By Sandhya Bhaskar, freshman communications study major
Just one day after Donald Trump threateningly called for “law and order” in response to the current racial divide, Alfred Olango became the 200th black American to be shot and killed by the police in 2016 as of Oct. 2, according to The Guardian. Olango was a refugee from Uganda who had survived a childhood of hunger and war, according to African news outlet, Quartz. He was shot in the suburbs of San Diego while unarmed and having a seizure.
The news of Olango’s death brought me back to the jarring image of Trump at the debate on Monday, pointing to the camera and repeating his desire for the police to “be strong”
Is “law and order” gunning down unarmed, epileptic men like Olango? Or is it re-implementing a racist, classist procedure like stop-and-frisk? When Trump’s rhetoric is broken down, it becomes clear that he wants a militarized police force that caters to some of his supporters’ aversion to black people. Though Trump-esque words have been repeatedly plastered to headlines and overexposed throughout this election cycle, racial bias has always been prominent in media when reporting on the black victims of our failing police system.
After unarmed Michael Brown was shot multiple times by a white police officer in Ferguson on Aug. 9, 2014, headlines proclaimed that Brown was “no angel,” because he smoked, drank, stole and was a rapper. When Trayvon Martin was fatally shot by watchman George Zimmerman on Feb. 26, 2012, Fox reporter Geraldo Rivera blatantly stated that Martin’s attire (his hoodie) was “as much responsible for his death as George Zimmerman,” and that it is “common sense for minorities to avoid wearing hoodies.” When 12-year-old Tamir Rice was shot down in a park in 2014, the justification for his death was “his appearance as an adult” and “threatening stature.”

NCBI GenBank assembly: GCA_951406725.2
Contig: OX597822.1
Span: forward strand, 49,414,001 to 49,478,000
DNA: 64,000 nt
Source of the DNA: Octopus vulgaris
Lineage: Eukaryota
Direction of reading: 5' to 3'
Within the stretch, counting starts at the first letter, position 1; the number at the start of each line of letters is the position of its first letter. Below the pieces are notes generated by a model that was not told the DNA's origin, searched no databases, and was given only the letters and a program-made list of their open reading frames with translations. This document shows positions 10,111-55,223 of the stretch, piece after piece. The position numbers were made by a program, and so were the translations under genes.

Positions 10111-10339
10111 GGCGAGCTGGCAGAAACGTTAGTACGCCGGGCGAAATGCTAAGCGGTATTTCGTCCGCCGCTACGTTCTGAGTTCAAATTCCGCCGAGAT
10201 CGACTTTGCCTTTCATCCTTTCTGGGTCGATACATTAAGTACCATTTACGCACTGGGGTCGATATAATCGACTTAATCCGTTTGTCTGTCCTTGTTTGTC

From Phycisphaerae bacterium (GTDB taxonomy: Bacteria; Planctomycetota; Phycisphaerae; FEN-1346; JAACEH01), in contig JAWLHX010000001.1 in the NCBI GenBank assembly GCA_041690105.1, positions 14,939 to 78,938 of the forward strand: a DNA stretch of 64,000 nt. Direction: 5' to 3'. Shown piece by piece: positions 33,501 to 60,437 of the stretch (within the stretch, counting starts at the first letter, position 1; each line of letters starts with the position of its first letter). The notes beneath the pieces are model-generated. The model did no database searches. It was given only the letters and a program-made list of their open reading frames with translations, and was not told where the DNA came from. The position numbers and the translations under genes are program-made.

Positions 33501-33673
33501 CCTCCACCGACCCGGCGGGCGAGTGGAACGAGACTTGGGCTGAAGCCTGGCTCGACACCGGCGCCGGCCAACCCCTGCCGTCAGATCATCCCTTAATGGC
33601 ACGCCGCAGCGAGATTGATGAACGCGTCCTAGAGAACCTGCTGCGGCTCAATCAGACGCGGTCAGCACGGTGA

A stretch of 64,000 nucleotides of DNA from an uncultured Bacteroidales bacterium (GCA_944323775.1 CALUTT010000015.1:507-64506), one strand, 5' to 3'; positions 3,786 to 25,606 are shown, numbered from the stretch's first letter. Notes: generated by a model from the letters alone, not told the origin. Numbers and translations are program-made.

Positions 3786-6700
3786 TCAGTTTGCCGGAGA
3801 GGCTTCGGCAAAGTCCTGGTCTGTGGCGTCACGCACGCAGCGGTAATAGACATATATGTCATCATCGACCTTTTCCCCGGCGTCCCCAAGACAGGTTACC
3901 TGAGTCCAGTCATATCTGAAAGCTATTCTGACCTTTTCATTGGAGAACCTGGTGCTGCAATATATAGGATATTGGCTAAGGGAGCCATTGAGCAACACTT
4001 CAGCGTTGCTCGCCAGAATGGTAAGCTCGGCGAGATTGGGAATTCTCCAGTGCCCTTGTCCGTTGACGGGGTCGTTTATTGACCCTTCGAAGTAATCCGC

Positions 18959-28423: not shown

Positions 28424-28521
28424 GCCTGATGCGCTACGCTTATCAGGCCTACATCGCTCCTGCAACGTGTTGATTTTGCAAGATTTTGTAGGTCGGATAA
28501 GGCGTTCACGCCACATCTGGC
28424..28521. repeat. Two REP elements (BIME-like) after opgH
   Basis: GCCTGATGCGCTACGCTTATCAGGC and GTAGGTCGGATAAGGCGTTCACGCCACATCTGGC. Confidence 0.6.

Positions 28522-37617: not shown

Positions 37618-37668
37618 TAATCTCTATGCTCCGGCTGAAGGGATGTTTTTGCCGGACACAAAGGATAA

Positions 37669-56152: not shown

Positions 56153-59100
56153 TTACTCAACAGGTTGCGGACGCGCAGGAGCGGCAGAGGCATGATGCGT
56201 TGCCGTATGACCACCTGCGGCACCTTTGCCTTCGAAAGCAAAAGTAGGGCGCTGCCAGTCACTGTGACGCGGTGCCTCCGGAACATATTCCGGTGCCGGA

Cedrick Chatman, Alton Sterling, Sandra Bland, Eric Garner, Philando Castile … the list is massive. Trump’s intentions to bring back a nationwide stop-and-frisk program that targets people of color won’t end this epidemic. He encourages police aggression under the semblance of protection, making Olango another hashtag among the hundreds that already exist.
Olango’s death made it clear that America is nowhere near the path to progress. If we are going to begin to fix a system that is steeped in racial prejudice, we must begin to hold police accountable for their actions. With someone like Trump having a very real possibility of becoming president, we may never get there.